Usually, students on a Friday after school just want to go home and relax or hang out with friends. Nobody wants to spend extra time at school, especially with a teacher. But sometimes students will give up their Friday afternoon at school. I did this in my sixth grade year. My music teacher, Ms. Bayert began the Helping Hands Club. She taught about 25 students how to knit and crochet. We would make squares and each one would contribute to a quilt for the Jeffco Actions Center for the homeless.
But why would so many kids at an elementary school want to learn how to knit and crochet? What would make them want to help the homeless? Parent Pressure? Friends? 'I joined because of Ms. Bayert. She's my favorite teacher,' Says Emma Hartmann, who joined helping hands. 'I also wanted to join because I wanted to help the homeless. It's unfortunate that they have to live outside and the blanket that we would make would give them warmth,' She also told me.
In my opinion, the best thing about this club was the school coming together. It didn't matter if you were in third grade or sixth grade, we were all students of Kendrick Lakes Elementary. There were even little kids teaching the adult helpers!But why would teachers want to spend their own money on a club? How long has she been knitting and crocheting? What gave her the idea to make this club? I decided to hear what she has to about all this.
Q: How long have you been knitting and crocheting? Who taught you?
A: I've been crocheting since I was 5, so about 25 years and knitting since I was 6 so 24 years. My Grandma taught me how to crochet and her sister taught me how to knit.
Q: Why would you spend your own money on the club?
A: People taught me for free and I wanted to teach others for free too. I also wanted kids to have a cool experience.
Q: What inspired you to make the club?
A: Over the summer I was watching a knitting and crocheting show and a lady was talking about how she started a club like this with her girl scout troop, and I thought I could make a club like that.
Q: What do you mostly knit and crochet?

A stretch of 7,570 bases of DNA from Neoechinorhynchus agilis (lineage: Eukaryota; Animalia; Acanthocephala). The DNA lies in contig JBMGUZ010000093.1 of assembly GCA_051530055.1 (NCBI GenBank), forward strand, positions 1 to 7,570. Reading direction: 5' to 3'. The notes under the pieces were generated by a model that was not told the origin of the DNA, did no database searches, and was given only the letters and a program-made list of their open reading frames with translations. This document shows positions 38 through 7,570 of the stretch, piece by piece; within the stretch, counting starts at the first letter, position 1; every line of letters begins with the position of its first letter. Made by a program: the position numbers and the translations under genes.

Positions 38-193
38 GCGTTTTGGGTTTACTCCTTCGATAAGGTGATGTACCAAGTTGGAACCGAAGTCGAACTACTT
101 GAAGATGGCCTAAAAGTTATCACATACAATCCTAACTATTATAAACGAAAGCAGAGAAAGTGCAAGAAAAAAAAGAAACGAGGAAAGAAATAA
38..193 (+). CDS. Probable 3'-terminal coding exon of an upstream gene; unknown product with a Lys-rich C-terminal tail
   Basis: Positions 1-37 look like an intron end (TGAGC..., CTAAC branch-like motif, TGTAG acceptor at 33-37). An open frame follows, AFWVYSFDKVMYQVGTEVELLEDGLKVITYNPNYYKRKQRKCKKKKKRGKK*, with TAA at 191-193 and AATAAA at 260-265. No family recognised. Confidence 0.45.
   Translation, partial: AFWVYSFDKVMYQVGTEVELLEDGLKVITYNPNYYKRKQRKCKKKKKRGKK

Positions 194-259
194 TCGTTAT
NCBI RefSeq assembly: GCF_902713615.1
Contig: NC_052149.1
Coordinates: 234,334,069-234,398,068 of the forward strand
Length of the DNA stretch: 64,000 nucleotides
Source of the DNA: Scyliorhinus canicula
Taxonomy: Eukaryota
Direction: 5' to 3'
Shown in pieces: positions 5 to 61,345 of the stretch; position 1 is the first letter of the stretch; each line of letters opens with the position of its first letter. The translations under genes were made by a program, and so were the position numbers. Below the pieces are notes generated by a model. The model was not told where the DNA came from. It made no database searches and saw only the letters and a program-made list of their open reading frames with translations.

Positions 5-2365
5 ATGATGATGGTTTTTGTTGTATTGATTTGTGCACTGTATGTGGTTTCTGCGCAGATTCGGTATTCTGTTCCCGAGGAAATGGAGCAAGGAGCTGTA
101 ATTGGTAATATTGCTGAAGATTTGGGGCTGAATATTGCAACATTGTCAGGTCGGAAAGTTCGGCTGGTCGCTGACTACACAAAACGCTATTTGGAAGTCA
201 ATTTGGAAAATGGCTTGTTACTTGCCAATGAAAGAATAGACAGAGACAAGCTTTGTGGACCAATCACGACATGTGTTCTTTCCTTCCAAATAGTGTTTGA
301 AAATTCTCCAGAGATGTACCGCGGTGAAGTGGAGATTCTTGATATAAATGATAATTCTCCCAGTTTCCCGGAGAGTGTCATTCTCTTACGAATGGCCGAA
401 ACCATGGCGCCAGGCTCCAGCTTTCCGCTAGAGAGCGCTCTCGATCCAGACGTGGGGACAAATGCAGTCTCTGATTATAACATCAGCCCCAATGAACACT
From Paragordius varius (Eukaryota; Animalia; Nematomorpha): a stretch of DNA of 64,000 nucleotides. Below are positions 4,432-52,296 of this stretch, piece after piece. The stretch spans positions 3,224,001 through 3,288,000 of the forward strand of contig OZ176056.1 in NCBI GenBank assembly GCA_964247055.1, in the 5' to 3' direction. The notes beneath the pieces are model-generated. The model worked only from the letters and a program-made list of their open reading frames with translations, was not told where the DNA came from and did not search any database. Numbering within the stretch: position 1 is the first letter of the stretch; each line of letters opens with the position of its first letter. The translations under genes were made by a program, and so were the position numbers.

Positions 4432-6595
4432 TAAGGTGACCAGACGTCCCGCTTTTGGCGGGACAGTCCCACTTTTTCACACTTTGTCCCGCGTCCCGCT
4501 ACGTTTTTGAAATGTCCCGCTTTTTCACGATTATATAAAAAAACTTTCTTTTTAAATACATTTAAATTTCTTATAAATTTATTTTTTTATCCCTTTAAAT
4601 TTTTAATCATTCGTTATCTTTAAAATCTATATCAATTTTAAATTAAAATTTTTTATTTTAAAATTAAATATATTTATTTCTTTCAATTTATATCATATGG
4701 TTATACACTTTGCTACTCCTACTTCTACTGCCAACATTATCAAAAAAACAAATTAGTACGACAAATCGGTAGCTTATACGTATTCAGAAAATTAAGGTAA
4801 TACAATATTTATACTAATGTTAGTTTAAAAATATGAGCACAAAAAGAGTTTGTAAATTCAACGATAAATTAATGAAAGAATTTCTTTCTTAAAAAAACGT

A: All kinds of stuff, really. I go through different phases of what I like to make. I've recently been making scarves, hats and little animals. I also tried to make a coat for my dog. I like to make my own patterns than doing ones from a book. When I was little, I made clothes for my Barbie's. They weren't the best looking, but I loved them. But no matter what I make if I succeed or fail, I always learn something new.
Q: How much yarn do you have?
A: I honestly have two dressers full of yarn! I didn't buy them all, when you tell people that you knit and crochet, they give you all of their old yarn. Half my yarn is from people I know.
Q: Why do you think so many kids joined this club?
A: I think kids joined this club because they need activity that doesn't involve electronics. They also need something to do with their hands. I can't sit still, I have to be doing something with my hands.
Now the Helping Hands Club isn't quite as big as it once was but there are still the few that attend each week. Ms. Bayert told me that there has been as few as five and as much as forty-two! There are 24 members in the club now. I go there to help teach the little kids and visit my friends that I've made that I can't see that often anymore.
It's nice to go there and talk with the younger kids. Other girls my age seem to only be talking about boys and friends. But these kids don't worry about that sort of thing. The conversations went from pets to Nintendo DS gaming systems.
But what do other people think about this club? 'I think that she is very generous to spend her own money and time on something not school related. She also must have a lot a patience to do that,' Says Aelora Kolacz, her opinion on the club. She was generous and very patient, something that most people wouldn't be able to do.
Not many would be able to or even have the thought cross their mind about teaching elementary school kids how to knit and crochet. But Ms. Bayert isn't like most people. She is giving, kind and fun to hang out with. Learning the skill of knitting and crocheting is probably one of the best things I've learned. I make so many things; I too have lots of yarn. But not as much as Ms. Bayert does! But putting what we've learned into the little squares that make up the enormous blanket for the homeless just makes you feel good. Whenever you turn in your square, you know that you are doing good and that someday, people will have a blanket to keep them warm.